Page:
Plans to reform the registration system for town and village greens have been announced by the Department of Environment, Food and Rural Affairs.
Ministers have acknowledged that village greens play an important part in community life and England’s heritage and emphasise that their proposals will not prevent the protection of any existing registered greens nor bring the designation of new greens to an end.
However, the Coalition is concerned that some registration applications have been used to hinder legitimate development of schools, health centres and other much needed services, even on brownfield land.
The administration has pointed to the fact that a significant number of applications to register town and village greens are associated with development proposals. Once registered, greens cannot be developed, irrespective of any planning permission or allocation in a local plan.
The proposals are designed to improve the operation of the current registration system, in the process reducing the burden on both local authorities and landowners.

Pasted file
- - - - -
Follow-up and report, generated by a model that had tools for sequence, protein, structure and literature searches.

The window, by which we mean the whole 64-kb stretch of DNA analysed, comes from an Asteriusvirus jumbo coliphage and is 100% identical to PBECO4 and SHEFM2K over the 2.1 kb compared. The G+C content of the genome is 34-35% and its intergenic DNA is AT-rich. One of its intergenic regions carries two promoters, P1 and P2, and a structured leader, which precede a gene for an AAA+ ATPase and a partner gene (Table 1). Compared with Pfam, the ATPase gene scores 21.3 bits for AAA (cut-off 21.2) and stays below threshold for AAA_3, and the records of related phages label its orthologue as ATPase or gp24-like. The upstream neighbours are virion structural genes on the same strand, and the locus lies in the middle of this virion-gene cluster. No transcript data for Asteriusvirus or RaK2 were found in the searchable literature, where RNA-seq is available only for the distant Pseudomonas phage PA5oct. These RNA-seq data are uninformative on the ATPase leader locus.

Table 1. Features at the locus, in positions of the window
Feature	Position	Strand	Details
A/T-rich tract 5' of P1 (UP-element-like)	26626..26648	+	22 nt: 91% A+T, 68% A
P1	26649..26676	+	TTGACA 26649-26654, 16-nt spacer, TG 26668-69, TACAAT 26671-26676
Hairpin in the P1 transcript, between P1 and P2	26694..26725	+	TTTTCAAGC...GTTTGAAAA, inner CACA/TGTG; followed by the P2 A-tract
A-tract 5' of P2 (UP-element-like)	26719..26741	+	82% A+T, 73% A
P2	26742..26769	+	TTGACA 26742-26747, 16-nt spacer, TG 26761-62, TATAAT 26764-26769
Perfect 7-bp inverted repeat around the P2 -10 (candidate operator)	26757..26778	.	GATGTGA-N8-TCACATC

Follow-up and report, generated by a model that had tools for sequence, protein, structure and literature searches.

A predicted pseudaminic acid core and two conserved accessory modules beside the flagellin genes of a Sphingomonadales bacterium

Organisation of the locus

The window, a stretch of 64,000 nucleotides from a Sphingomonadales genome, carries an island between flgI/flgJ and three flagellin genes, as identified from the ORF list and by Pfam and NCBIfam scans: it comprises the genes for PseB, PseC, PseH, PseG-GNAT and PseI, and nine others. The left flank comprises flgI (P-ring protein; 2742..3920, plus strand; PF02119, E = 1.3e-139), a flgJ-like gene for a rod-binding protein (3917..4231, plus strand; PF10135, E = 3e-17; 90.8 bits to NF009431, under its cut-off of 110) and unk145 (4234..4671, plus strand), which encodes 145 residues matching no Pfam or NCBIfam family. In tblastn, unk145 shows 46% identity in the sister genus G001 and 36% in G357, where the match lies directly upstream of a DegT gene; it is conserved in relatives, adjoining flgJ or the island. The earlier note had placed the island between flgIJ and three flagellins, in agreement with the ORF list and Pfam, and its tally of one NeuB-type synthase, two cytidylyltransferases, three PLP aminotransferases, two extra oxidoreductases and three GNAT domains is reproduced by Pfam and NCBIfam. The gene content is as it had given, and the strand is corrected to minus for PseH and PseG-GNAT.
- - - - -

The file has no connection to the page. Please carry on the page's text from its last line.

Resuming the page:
Defra has said the reforms should reduce the workload facing local authorities, allowing them to deal more speedily with applications for sites which remain eligible. Changes to the existing registration system may also encourage landowners to provide new sites for access, the department argued.
It said the reforms, plus the planned new Local Green Space designation, would ensure a strong level of protection for green areas and would enable local communities to exercise greater control over decisions that make a significant difference to their lives.
Interested parties have until 17 October to submit their views on the proposal.
28 July 2011